-Before you can perform an injection, you must first understand how SQL works.
-When you register a new username and password on a website, the username and
password you entered is kept in the site’s member table; the username and
password are put in their separate columns.
-When you log in with the username and password you registered, the login page
looks for a row in the member table that has the same username and password that
-The login form takes the conditions that you supply, and searches the member
table for any rows that satisfy those conditions.
-If a row exists that has both the same username and password, then you are
allowed to go on your account.
-If no row is found, the login page will tell you that the account you specified
does not exist, or that your username and password is wrong.
-SQL can also display information on a website.
-If a site has a news section, there may be an SQL table that, for example, holds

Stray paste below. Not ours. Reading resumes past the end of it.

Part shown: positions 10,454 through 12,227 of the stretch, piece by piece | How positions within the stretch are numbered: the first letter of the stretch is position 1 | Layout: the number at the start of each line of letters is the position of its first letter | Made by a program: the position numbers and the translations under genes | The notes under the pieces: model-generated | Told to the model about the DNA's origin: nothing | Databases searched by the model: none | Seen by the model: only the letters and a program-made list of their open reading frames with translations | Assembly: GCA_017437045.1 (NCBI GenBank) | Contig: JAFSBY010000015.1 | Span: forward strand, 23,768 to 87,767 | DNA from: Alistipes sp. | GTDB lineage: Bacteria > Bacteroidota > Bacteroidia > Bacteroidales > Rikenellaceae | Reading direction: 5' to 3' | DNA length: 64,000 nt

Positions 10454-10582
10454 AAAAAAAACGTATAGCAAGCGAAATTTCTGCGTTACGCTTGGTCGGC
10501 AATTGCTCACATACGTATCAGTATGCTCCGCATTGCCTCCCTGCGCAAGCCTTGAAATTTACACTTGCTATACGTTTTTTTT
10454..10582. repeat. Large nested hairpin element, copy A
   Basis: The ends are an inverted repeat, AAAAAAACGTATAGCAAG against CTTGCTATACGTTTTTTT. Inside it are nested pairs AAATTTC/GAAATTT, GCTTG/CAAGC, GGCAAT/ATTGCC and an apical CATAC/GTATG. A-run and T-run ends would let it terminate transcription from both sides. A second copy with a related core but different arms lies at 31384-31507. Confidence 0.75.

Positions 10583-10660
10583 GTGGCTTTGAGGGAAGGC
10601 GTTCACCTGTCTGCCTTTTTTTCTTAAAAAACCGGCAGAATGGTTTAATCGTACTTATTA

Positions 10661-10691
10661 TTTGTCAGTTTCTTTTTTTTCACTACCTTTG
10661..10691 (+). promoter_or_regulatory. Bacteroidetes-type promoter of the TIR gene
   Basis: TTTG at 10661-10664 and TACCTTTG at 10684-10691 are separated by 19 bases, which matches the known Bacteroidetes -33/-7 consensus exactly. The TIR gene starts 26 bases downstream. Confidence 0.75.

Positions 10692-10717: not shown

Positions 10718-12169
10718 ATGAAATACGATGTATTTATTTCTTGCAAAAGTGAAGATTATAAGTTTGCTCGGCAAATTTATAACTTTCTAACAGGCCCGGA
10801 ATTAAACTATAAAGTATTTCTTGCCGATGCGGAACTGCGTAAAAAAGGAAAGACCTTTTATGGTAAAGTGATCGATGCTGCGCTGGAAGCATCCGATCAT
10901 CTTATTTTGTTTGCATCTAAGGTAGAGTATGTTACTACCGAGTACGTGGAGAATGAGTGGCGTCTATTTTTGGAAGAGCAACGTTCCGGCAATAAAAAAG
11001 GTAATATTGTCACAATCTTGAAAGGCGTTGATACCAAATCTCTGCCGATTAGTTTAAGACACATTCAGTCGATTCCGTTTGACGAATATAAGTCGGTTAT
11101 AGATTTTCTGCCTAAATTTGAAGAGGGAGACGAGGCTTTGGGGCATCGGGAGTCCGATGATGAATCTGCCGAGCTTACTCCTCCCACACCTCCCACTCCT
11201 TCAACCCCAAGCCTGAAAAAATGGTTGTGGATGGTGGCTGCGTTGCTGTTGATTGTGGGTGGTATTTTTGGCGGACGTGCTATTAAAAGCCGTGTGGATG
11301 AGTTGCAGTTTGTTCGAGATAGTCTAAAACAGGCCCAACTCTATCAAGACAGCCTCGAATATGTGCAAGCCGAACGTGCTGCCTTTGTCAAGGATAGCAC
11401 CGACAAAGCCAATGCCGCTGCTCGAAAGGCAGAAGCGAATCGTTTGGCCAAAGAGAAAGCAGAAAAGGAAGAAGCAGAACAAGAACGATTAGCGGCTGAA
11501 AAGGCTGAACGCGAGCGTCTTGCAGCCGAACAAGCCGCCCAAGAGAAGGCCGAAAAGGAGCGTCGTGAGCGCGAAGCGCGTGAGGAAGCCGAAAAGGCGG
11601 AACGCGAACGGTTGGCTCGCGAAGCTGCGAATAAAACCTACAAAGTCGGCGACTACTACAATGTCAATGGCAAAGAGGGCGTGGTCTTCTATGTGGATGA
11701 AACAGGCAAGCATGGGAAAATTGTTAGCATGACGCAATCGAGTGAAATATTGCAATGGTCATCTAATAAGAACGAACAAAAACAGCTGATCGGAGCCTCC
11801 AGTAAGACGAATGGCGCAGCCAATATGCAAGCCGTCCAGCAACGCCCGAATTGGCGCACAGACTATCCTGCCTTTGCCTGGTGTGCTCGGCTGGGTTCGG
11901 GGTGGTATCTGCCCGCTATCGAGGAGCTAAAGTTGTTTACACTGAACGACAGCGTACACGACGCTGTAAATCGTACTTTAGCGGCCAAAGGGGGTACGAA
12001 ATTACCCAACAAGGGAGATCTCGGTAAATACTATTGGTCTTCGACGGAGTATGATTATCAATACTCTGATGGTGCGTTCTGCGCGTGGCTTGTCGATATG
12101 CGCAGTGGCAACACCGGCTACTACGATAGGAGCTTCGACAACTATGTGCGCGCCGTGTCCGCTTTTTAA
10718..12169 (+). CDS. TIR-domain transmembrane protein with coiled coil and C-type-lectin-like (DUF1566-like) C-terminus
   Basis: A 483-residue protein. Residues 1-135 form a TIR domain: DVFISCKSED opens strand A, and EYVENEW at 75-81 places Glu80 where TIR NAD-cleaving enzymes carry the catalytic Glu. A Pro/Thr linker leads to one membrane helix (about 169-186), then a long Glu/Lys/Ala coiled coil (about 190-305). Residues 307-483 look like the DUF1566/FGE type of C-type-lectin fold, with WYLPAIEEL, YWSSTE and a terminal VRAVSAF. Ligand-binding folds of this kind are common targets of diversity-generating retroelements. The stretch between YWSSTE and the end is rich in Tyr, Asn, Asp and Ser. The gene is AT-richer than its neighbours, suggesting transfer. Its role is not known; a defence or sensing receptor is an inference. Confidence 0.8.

all of the article names.
-More often than not, articles on a website are identified by a number.
-When you click on a link to an article, you are usually able to see the number of
the article you clicked on by looking at the URL of the page you are on.
*For the next three bullets, please refer to figure B below*
-When you click a link like this, www.site.com/news.asp?ArticleID=10, the link
tells the site to look in the table that stores the article names for an article who’s
“ArticleID” is 10.
-Once the website has found this column in the table, it may look for a column
named “Title” in the same row and display this value as the article’s title on your screen.
-In this case, “Cats” is what you would ultimately see on your screen as the title of
-It is important to realize that what is typed after the “=” sign in the URL is part of
an SQL command;